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Access Type

Open Access

Degree Program


Degree Type

Master of Science (M.S.)

Year Degree Awarded


Month Degree Awarded



Parenting, Culture, Children's Mental Health


Parenting and family interactions are thought to play a critical role in children’s development and are often key targets in clinical interventions for children with behavioral problems. Multiple factors are thought to determine patterns of parenting behavior including child and parent characteristics as well as broader social and cultural factors (Abidin, 1992; Belsky, 1984; Maccoby, 1992). Because culture is thought to influence parenting, it is possible that inter-ethnic couples may experience a greater discrepancy than intra-ethnic couples in their parenting styles, but research considering the role of different cultural backgrounds and parenting has been sparse. The current study examined whether inter-ethnic couples showed greater differences in their parenting styles than couples in which parents were of the same ethnic background, and if so, whether consequences of discrepancy were reflected in children’s behavior. Marital conflict and the number of years spent co-parenting were also examined as potential predictors of variability between couples. Results indicated no significant differences between inter-ethnic and intra-ethnic couples in parenting style, and no significant associations between discrepancies in parenting style and child behavior. Marital conflict was found to be significantly associated with discrepancy in warmth for fathers in intra-ethnic relationships, in support for the spillover hypothesis (Margolin, 2001). This is the first study to examine parenting discrepancies between inter-ethnic and intra-ethnic couples. This research contributes to a growing understanding of the co-parenting relationship among inter-ethnic couples and has important clinical implications for family intervention with multi-cultural families.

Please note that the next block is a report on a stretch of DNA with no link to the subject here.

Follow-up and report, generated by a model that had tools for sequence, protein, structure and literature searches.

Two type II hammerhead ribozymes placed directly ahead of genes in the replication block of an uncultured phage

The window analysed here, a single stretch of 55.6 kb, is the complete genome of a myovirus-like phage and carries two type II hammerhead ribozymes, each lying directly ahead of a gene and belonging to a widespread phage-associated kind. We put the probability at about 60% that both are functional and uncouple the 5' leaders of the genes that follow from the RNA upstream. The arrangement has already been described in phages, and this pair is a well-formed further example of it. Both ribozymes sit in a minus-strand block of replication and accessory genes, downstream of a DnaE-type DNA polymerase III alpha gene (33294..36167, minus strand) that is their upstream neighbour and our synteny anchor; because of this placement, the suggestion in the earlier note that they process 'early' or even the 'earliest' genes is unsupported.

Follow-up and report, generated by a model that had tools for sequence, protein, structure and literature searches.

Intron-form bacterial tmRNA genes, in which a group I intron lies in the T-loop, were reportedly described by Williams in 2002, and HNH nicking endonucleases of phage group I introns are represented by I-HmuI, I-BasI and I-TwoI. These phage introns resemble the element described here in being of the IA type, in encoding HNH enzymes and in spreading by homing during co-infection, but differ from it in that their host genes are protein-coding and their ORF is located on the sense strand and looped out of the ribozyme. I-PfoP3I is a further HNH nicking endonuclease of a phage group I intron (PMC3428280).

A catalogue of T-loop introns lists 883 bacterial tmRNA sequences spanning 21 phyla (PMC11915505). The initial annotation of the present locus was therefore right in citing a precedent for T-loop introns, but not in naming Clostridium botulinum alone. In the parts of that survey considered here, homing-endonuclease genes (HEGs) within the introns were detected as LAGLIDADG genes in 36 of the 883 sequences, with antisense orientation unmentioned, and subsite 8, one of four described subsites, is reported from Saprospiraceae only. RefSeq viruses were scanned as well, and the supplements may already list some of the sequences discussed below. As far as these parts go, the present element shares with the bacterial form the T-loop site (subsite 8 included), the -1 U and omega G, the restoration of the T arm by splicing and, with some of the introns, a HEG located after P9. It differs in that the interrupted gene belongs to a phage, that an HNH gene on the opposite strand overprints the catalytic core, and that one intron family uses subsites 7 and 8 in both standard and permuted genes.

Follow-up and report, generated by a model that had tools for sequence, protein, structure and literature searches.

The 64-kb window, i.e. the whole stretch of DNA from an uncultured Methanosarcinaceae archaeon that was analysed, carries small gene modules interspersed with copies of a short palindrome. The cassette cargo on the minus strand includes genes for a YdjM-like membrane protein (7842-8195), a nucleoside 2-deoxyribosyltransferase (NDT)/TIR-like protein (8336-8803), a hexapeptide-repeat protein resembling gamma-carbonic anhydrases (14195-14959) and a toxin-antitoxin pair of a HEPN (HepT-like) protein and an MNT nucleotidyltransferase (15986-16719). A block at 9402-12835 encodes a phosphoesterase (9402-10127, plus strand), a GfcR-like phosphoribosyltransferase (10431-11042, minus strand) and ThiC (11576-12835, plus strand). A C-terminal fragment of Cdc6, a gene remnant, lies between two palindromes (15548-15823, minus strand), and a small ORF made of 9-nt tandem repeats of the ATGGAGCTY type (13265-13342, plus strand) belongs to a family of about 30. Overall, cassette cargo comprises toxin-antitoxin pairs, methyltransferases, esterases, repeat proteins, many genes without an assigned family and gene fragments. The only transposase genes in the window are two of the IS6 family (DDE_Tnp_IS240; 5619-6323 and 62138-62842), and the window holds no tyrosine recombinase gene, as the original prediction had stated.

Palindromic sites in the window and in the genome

First Advisor

Elizabeth A. Harvey